Rosalind Wong, of the group Movement Against Rape and Incest, said if the 20-year-old woman were removed, the man who allegedly sexually assaulted her, a year ago in Montreal, would benefit because she wouldn't be able to testify against him in court if he is eventually charged.
"The investigator in the case has said her remaining here is imperative for the case to go through. He is ready to bring it to a prosecutor but it requires her co-operation throughout the case. She is the key witness against this man," Wong said before the hearing.
"It's the norm that when someone has a case before a court that suspends their removal, but it hasn't reached that stage yet. We've asked (Canada Border Services Agency) if her removal could be delayed by a couple of weeks, but they've held a pretty resolute line.
"(The businessman) has a lot of family in the region of Pakistan where she would be deported. She fears him and has already received threats from his family. She is afraid he can easily find someone (in Pakistan) who would harm her and prevent her from ever coming back to Canada to pursue her charges against him."
The 20-year-old woman is referred to as Zara, a fictitious name, in a statement issued by three community groups who support her, including the South Asian Women's Community Centre and the Regroupement Québecois de centres d'aide et de lutte contre les agressions à caractères sexuels.
Wong said the 20-year-old woman also suffers from a neurological condition and has been seeing a neurologist for the past six years. The woman suffered a concussion in February and her neurologist advised her against travelling for up to six months, Wong said. Her condition caused her to postpone two dates in the case, challenging her removal, and she did not show up for her scheduled removal date on April 24. When she did show up, two days later, she was arrested by Immigration Canada and placed in detention. She is scheduled to be removed on Sunday.
On Friday, the woman's lawyer, Mylene Barriere, filed a motion for a stay of removal in Federal Court and the motion will be heard, by telephone, Saturday afternoon.
According to past court decisions made in the woman's case, she came to Canada with her family in 2000, when she was 8. Her parents initially claimed to be refugees from Pakistan. The Refugee Protection Division of the Immigration and Refugee Board later determined they were not conventional refugees and "were not persons otherwise in need of international protection." Her family tried to use other arguments to remain in Canada, including that, by 2006, their children had been educated in Canada and that returning to a rural part of Pakistan would affect their education and health. A federal court judge rejected that argument in 2006.
Since then, the 20-year-old woman has married a Canadian citizen and the couple applied for sponsorship in 2011.
Arab Spring opens window of opportunity for women in Mideast
YONCA POYRAZ DOĞAN,
İSTANBUL, 29 April 2012 / In many countries of the Middle East, women are wondering what the Arab Spring means for them. Some observers are concerned that the power vacuum will leave the door open for Islamist groups to take power and force changes opposing women’s rights.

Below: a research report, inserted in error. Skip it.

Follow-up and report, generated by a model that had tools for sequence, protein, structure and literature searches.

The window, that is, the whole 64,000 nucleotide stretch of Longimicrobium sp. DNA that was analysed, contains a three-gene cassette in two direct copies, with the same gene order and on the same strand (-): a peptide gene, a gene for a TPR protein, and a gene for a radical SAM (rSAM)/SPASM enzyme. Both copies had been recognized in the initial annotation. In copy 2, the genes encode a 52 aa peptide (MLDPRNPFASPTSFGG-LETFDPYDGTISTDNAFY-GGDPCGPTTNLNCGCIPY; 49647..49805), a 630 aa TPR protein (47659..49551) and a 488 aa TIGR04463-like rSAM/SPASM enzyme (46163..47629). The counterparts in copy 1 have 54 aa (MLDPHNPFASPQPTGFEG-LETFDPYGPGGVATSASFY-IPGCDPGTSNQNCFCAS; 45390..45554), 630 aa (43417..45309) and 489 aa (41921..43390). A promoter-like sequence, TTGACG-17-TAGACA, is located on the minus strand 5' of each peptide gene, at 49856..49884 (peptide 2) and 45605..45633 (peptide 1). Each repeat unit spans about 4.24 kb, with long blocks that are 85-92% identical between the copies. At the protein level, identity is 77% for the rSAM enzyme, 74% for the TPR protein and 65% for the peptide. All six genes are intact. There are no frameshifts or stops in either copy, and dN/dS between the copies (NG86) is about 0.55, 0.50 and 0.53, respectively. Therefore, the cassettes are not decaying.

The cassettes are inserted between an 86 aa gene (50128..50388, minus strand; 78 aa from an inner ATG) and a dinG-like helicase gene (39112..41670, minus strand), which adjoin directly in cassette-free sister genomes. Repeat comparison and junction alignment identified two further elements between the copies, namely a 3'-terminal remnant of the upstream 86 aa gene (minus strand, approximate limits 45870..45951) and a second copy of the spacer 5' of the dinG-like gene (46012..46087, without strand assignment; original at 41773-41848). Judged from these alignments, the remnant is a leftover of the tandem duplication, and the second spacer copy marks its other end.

Zainah Anwar, a leading Malaysian social activist and intellectual, is not one of them. She is even excited about the prospects that the Arab Spring could have for women.
“A window of opportunity has opened up,” said Anwar, who is one of the founding members of Sisters in Islam (SIS), an activist group struggling for the rights of Muslim women. “Islamist parties will of course use religion to justify things against women, but women’s groups need to raise their voices and challenge extremist voices.”
Anwar refers to her Malay experience while explaining what women’s rights activists have done in her country to achieve that goal. “In Malaysia, we decided that it is not enough to use universal human rights principles in that regard because we are operating in a society where religion is a source of law, and religion is important to the women that we are trying to help,” she told Sunday’s Zaman in İstanbul, where she participated in the 12th forum of the Association for Women’s Rights in Development (AWID), held on April 19-22.
“There is that window of opportunity in the Arab world to build that culture of public space in Islamic matters,” she said.
Anwar indicates that there are so many juristic tools in Islam. For example, the concept of “maslaha” favors the public interest or social benefit and the concept of “istihsan” uses juristic preference to seek ease and convenience, and to adopt tolerance and moderation.
“With those tools, we can build wider public support,” she added. Anwar is one of the pioneers of “Musawah,” an initiative launched in 2009 to build a global movement for equality and justice in the Muslim family. In her own family, Anwar was brought up with religion. “I believe in a just Islam, a just God. I don’t believe God is unjust to women,” she said and she has been critical of some women’s rights activists who want to stay away from debates related to religion.
“My option was that I could reject my religion, like many feminists do, or I could find out what the religion really says. I decided to find out for myself. Did God say those unjust things about women? I read the Quran to find out.”
She started reading the Quran in the 1980s with Amina Wadud, an American scholar of Islam with a progressive focus on the interpretation of the Quran and a woman who led Friday prayers in the US.